Is hypotension dangerous?
Hypertension IS dangerous but hypo-tension articles are rare and often inadequate.
What about the others, who suffer from low blood pressure? It is not life threatening condition, but the quality of life can be really bad.
Especially if you have bad migraines often.
According to medical science, we define hypo-tension when systolic pressure is below 90 mmHg and/or diastolic pressure is below 60 mm/hg. Not surprisingly - some people are comfortable with lower blood pressure, while others collapse with 115/70.
It varies and many people have some or none of the symptoms.
There are various symptoms, some are present more often while others depend on the person.
- lack of concentration,
- blurred vision,
- cold sweat,
- cold sticky skin,
- hunger and thirst.
Rarely, with very low blood pressure a person may collapse. Laying on the ground quickly restores the blood in brain and consciousness is regained. But you better be prepared so you prevent a painful meeting with the ground or furniture edges. If you start feeling light headed find a place to rest and stay calm. Low blood pressure itself can't kill you. Breaking your neck can.
When to seek medical attention.
Even if you have somewhat low blood pressure - if you don't feel the symptoms impacting your daily life - no medical attention is needed. On the other hand, if you feel the symptoms for a while and this impacts your quality of life - visit a doctor! He may ask you to monitor your blood pressure with a small wrist device few times each day and collect data for 1 week. Then if needed, the doctor will assign medication or suggest some changes in your habits you may need to apply.
Older patients may have underlying causes for hypo-tension, so a visit to a specialist is important. If there is sclerosis in the blood vessels, sudden drop in the blood pressure may lead (or even be a sign) to infarction or ischemic insult. They need to be hospitalized and lay down for a while, drink enough liquids and keep calm. The specialist will tell if home treatment is suitable.
In all cases, when sudden drop in blood pressure is felt with erroneous and slow reactions to the surroundings - call emergency and lay down for a while, drink a glass of water and wait for the emergency team to come. Do not self medicate! Hypo-tension may be a sign for infection, allergy or strong bleeding (in some internal organs you may be unable to see) and you can't do much about this at home.
There are some causes that can trigger hypo-tension and are not life threatening.
Gestation: With the quick growth of the fetal vein system more blood is needed to nourish the baby and normally the temps may outgrow mother's bone marrow ability to produce more blood. Gestating women may feel drop of 5 to 15 mm/hg in the first few months and this is absolutely normal. Eat more proteins, drink enough fluids and you will recover faster. Much more scary is to have high blood pressure while pregnant and you MUST consult your gynecologist about this.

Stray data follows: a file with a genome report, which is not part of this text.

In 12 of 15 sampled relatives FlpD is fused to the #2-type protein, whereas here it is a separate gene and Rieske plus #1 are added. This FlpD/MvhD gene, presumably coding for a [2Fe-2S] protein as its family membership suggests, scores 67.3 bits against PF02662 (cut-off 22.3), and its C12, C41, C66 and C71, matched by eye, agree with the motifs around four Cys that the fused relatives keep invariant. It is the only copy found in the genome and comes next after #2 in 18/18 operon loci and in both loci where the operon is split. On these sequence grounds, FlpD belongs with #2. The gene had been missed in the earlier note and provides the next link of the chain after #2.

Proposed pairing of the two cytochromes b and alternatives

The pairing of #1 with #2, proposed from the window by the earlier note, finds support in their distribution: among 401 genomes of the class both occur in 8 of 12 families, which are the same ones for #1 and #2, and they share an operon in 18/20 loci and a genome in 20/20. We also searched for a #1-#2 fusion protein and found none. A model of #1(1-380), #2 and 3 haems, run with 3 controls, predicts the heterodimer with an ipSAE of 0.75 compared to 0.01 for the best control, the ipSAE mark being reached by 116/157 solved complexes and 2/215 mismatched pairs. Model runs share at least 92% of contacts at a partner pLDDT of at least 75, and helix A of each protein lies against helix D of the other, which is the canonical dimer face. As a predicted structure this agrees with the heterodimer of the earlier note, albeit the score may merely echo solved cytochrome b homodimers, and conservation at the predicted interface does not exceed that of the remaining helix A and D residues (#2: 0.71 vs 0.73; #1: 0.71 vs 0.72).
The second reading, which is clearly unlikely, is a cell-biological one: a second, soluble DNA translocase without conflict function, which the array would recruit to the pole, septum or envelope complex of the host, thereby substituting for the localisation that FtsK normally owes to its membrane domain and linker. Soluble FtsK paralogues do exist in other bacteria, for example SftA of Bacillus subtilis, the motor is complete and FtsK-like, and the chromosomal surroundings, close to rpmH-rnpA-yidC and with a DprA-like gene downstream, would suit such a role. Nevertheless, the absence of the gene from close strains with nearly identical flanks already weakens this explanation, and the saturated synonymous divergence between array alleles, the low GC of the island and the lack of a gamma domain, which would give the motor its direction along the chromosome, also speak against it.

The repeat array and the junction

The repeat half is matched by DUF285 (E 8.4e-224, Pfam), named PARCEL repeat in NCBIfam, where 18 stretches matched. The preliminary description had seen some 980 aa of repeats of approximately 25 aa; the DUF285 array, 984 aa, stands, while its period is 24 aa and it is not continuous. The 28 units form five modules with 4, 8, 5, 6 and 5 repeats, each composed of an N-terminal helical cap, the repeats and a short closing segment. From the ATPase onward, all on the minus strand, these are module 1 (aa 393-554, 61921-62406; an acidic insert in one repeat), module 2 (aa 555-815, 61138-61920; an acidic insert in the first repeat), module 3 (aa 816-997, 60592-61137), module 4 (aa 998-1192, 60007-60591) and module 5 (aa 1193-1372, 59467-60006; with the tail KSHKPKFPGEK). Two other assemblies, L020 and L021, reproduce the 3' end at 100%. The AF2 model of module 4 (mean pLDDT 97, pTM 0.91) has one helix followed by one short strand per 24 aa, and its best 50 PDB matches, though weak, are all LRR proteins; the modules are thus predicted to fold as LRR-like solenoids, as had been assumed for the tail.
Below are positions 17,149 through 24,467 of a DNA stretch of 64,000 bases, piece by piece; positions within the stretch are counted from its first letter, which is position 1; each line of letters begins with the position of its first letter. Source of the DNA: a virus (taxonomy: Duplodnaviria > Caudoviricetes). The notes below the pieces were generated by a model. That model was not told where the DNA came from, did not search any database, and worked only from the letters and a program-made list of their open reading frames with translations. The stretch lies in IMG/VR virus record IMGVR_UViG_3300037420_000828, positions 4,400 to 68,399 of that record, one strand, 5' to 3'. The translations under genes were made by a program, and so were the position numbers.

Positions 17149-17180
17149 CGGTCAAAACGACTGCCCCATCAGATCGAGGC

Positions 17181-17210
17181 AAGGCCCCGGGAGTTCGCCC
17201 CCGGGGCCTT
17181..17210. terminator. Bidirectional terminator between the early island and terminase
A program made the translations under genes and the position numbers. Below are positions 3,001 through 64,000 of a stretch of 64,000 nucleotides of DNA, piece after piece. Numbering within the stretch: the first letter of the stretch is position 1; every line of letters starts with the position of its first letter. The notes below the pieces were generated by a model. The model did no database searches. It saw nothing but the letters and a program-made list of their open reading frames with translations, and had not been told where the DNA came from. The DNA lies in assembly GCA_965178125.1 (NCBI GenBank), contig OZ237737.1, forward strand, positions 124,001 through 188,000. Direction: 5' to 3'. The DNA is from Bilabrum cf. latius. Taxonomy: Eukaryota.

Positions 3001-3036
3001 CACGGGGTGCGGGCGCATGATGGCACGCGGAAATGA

Dehydration: Losing fluids in your body for any reason may lead to low blood pressure (inadequate intake, perspiration due to heavy work or sports, diarrhea, vomiting, diuretics etc.)
Heart disease: Any underlying condition such as slow heart rate, heart failure and mitral valve prolapse may lead to severe hypo-tension.
Endocrine conditions: Having thyroid problems, gout, diabetes or other may affect the blood pressure with extreme highs and lows.
Diet: Extreme diets may lead to anemia and hypo-tension.
Very often hypotensive people have problem standing up from seated, laid or bended position. You tie your shoes and when you stand up you feel light vertigo or annoying short timed headache.
This happens because blood suddenly gets sucked down from your head which was in more lower position.
Your body tries to compensate by elevating your heart rate and constricting arteries. Sudden rush of blood back to your head then leads to blushed face and light headache from the blood vessels inflating again inside your head.
This condition is more present in elderly and that's why they have problem standing up often. Old people with low blood pressure should be careful when standing up so they don't faint, trip and harm themselves.
Orthostatic hypo-tension does not need special care, just attention and awareness.
When to medicate?
Leave this question to your medical specialist. Do not try to self medicate because it may get worse.
Most of present day hypo- and hypertensive medications are prescription only.
- Drink enough fluids and use normal quantities of table salt (no more than 5-6 grams each day).
- Drink one glass of red wine with dinner or before bed.
- Have a good breakfast with OJ and some dairy product of your choice.
- If you can stand the strong taste and aroma - use garlic more often.
- Use magnetic bracelets. They tend to normalize blood pressure in the long term.
- Coffee does not help much in the long term. If you are dedicated to coffee, you are probably not elevating low blood pressure much after, and 30 minutes after your cup of hot beverage the blood pressure returns to your normal range.
My personal choice when I was hypotensive youngster was a cup of butter milk (made from cow yogurt) with a pinch of salt, cucumber and toast. Excellent quick breakfast.